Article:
New Party chief named for Shanghai

(China Daily/Agencies)
Updated: 2007-03-26 06:52

The Central Committee of the Communist Party of China (CPC) yesterday announced the latest reshuffle of provincial leadership as the Party gears up for its all-important national congress in October.

Xi Jinping was appointed secretary of the CPC Shanghai municipal committee on Saturday. He was Party secretary of East China's Zhejiang Province prior to the appointment.

Xi, 53, replaced Han Zheng, the Shanghai mayor who was also acting Party secretary after the fall of former Party chief Chen Liangyu.

Chen was sacked last September for his alleged involvement in a multi-billion-yuan social security fund scandal.

He Guoqiang, a member of the Political Bureau and head of the Organization Department of the CPC Central Committee, said on Saturday that Xi "is experienced in both Party management and economic reform".
Xi Jinping profile

Xi Jinping, a native of Fuping, Shaanxi Province, was born in June 1953 in Beijing. He was a graduate of Tsinghua University and joined the CPC in January 1974.

After his father Xi Zhongxun, a former CPC leader, was purged during the "cultural revolution" (1966-76), Xi went to Shaanxi in 1968 where he worked in a farm before becoming the Party secretary of a village. Xi described this experience as unforgettable as he had learned a lot about people and society during his stint.

He later served as Party secretary of Zhengding County, Hebei Province, and then went to Fujian Province, where he stayed 17 years, the longest of his political career. He was vice-mayor of Xiamen, a member of the CPC Xiamen Municipal Committee, secretary of the Ningde Prefectural Committee, secretary of the CPC Fuzhou Municipal Committee and chairman of the Standing Committee of the Fuzhou People's Congress. He was named governor of Fujian Province in January, 2000.

Xi became the Party secretary of Zhejiang Province in 2002. He is said to have contributed significantly to the development of the area's privately-owned enterprises and is also well-known for his tough stance on corruption. He was appointed Shanghai Party chief on Saturday.

Xi graduated from Tsinghua University and holds a doctorate degree in law. He was appointed secretary of the CPC Zhejiang provincial committee in November 2002 and is a member of the 16th CPC Central Committee.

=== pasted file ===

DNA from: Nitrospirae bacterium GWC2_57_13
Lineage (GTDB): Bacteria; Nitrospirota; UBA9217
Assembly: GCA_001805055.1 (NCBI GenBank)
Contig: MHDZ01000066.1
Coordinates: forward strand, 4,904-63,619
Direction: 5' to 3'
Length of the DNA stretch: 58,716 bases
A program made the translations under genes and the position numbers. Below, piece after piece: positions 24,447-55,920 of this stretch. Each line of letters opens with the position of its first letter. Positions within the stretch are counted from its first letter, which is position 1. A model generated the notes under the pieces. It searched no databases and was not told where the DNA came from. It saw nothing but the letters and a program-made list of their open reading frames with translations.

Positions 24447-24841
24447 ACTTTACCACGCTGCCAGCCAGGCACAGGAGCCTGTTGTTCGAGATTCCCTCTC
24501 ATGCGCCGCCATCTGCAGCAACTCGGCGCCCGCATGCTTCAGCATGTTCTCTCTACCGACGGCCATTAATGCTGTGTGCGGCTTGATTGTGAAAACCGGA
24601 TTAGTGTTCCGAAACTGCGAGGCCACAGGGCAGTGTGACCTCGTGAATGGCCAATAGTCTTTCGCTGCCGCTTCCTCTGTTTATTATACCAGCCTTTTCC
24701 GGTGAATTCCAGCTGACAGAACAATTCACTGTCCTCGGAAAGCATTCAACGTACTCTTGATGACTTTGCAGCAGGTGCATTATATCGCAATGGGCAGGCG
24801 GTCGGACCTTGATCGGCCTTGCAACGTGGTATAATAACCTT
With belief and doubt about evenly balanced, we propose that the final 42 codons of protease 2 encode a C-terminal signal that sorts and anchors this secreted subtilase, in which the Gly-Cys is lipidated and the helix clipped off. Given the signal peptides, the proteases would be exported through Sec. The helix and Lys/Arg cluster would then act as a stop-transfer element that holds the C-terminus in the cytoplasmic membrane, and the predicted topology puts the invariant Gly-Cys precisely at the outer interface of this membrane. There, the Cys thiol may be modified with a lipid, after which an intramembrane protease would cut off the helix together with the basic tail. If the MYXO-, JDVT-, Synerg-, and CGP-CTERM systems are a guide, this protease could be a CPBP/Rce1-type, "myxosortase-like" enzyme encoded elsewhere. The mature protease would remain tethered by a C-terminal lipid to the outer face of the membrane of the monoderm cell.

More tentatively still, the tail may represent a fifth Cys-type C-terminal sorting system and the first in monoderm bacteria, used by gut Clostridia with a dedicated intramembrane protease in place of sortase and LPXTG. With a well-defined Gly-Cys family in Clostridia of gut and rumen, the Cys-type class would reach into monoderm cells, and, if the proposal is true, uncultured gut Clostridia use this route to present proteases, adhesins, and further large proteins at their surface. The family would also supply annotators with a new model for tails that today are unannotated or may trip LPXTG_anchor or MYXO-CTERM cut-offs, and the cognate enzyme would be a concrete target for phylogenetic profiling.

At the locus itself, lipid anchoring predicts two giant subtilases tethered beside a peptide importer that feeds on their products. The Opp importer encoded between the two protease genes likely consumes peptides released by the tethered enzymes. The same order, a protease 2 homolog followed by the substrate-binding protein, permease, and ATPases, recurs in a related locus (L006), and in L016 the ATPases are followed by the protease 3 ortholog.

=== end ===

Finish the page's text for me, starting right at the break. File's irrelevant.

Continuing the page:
Xi was named to the Shanghai position in part because he has experience on the front lines of economic reform, has good Communist Party connections and is an outsider in Shanghai, said He Hushang, professor of Communist Party history at People's University in Beijing, the Los Angeles Times reported.

"This is a good move," He said. "It promises to stabilize the Shanghai situation and resolve the overhang in advance of the 17th Party Congress" in October, a key date in China's political calendar.

Xi, 53, built his reputation as an economic reformer over several postings. Before serving as party boss in Zhejiang, Xi was governor of Fujian province near Hong Kong, where he was credited with attracting investment from Taiwan despite the political differences between the island and the mainland.

In Zhejiang, Xi stressed building regional links with Shanghai and the broader Yangtze River delta and spurred local industries to become more competitive, said Yang Jianwen, vice director of the Institute of National Economy at the Shanghai Academy of Social Sciences.

"Xi has a good strategic sense, sees the region as a whole and has good connections, all of which should benefit Shanghai in the next round of development," Yang said.

The party has been grooming Xi. In addition to a succession of high-profile posts, he headed a party delegation to North Korea in 2005 during one of Beijing's efforts to restart nuclear disarmament talks. But there was no indication he was involved in nuclear diplomacy.

Xi also knows U.S. Treasury Secretary Henry M. Paulson Jr. from Paulson's former role as chief executive of investment bank Goldman Sachs. Paulson started his trip to China in September by dining with Xi.

In other decisions by the CPC Central Committee yesterday:

Zhao Hongzhu replaced Xi as Party chief of Zhejiang. He was earlier the deputy head of the Organization Department of the CPC Central Committee.

Zhao, 60, has served as vice-minister of supervision.

Zhang Gaoli was appointed secretary of the CPC Tianjin municipal committee, replacing 68-year-old Zhang Lichang. He was earlier Party secretary of East China's Shandong Province.

Zhang Gaoli, 61, a native of Jinjiang, East China's Fujian Province, graduated from the Economics Department of Xiamen University.

He spent most of his time in Guangdong Province, serving as director of the provincial economic commission, deputy governor, Party secretary of Shenzhen, and deputy Party secretary of Guangdong Province before he was appointed Shandong Party chief in 2002.

Zhao Leji replaced Li Jianguo as the secretary of the CPC Shaanxi Provincial Committee. He was earlier Party secretary of Northwest China's Qinghai Province.

Zhao, 50, is a native of Xining, Qinghai Province, and graduated from Peking University in 1980.

Top China News  
Today's Top News  
Most Commented/Read Stories in 48 Hours